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ROHINGYA refugees are facing disaster in squalid and cramped conditions as coronavirus cases are sweeping the Bangladesh camps, British MPs warn today.
The crowded and unsanitary conditions in the camps are likely to hamper efforts to stop Covid-19 spreading, the International Development Committee (IDC) reveals in its latest report.
And with severe shortages of personal protective equipment (PPE) and isolation beds, and no ventilators in the region, there is “little hope that cases can be effectively treated,” it adds.
The Rohingya also have no access to online information on avoiding infection and are unable to report symptoms to medics easily due to a ban on internet access and owning SIM cards by the Bangladesh authorities.
IDC also received reports of fences being built around and between the camps, potentially further restricting access to services.
Labour MP Sarah Champion, who chairs the IDC, said the Rohingya have been “suffering for far too long” in the camps, which have “the perfect conditions for coronavirus to thrive.”
“The UK government must continue to lead the international response to support the Rohingya and apply its diplomatic muscle to preventing a humanitarian catastrophe,” she said.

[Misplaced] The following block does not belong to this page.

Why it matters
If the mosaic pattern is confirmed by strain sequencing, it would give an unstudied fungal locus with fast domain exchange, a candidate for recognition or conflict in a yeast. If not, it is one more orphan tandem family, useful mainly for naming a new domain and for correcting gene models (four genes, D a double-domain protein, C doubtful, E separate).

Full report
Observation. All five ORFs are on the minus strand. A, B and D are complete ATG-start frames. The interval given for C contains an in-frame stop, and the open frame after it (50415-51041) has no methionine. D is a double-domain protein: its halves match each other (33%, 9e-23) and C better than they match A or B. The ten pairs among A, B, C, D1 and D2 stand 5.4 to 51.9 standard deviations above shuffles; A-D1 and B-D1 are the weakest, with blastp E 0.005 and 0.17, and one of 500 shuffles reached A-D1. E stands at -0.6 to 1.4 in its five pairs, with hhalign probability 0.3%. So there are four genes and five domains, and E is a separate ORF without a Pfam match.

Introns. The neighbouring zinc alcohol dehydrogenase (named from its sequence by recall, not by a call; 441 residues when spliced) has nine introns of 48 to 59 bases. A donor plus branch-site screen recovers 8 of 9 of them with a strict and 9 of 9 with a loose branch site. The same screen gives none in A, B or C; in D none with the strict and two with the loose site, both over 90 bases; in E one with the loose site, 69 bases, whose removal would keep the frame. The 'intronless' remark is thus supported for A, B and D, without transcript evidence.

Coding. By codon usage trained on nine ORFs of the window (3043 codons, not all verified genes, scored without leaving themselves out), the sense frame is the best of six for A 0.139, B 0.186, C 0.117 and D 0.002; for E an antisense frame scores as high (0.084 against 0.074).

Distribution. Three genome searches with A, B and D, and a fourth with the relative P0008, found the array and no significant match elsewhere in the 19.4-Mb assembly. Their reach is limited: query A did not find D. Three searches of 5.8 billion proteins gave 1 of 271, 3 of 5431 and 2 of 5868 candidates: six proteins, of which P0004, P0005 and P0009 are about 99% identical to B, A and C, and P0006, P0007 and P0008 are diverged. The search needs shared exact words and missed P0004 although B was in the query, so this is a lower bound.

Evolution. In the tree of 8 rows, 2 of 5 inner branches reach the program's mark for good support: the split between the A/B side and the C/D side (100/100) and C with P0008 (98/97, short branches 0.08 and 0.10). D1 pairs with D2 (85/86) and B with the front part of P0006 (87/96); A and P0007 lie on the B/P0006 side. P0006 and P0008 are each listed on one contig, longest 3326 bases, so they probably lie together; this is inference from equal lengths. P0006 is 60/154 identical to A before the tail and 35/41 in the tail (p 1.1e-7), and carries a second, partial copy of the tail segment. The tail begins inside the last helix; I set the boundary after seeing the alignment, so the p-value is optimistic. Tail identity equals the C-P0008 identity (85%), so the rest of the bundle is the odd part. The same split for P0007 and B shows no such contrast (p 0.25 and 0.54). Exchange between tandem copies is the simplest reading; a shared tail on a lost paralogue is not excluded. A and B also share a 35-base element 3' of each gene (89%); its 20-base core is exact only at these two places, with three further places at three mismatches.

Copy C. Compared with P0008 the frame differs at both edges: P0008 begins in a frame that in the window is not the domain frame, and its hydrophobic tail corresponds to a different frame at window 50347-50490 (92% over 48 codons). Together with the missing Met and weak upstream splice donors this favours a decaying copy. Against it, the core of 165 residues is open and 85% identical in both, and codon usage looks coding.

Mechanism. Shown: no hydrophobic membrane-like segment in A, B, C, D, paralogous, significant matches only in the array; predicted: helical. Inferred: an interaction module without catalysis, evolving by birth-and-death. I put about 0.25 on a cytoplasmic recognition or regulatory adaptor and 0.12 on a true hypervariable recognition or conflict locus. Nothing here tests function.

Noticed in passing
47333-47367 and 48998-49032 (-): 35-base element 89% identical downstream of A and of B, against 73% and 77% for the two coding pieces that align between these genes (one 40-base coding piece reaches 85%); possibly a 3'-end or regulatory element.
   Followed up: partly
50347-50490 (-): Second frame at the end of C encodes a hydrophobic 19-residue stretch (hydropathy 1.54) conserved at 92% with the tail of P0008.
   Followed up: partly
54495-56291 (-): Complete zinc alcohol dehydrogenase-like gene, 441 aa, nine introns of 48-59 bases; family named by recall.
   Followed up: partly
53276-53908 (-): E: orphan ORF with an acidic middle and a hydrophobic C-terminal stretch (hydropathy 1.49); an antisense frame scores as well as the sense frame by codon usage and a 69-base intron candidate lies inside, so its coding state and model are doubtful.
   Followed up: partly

“I admire the Bangladesh government for providing refuge, but in the short term it must be persuaded to open up internet access for life-saving advice and the ability to report symptoms, and to stop building fences limiting movement.
“Long-term, more pressure must be applied to the Myanmar government to end the despicable human-rights abuses and threat of violence that prevent the Rohingya from returning home.”
In September 2018, the Department for International Development (DfID) said it was reviewing its strategy for programming in Myanmar.
The IDC said that in response to its report, DfID should set out the results of its review or confirm how Britain’s aid programme in Myanmar has changed.
Doctors Without Borders Bangladesh representative Paul Brockmann said the group was “deeply concerned” about the prospect of widespread transmissions of Covid-19 among vulnerable communities living in dense situations like the Rohingya refugees.
“To have a realistic chance of tackling Covid-19 among Bangladesh’s most at-risk communities, all health actors and authorities should continue working together hand-in-hand, in solidarity,” he said.
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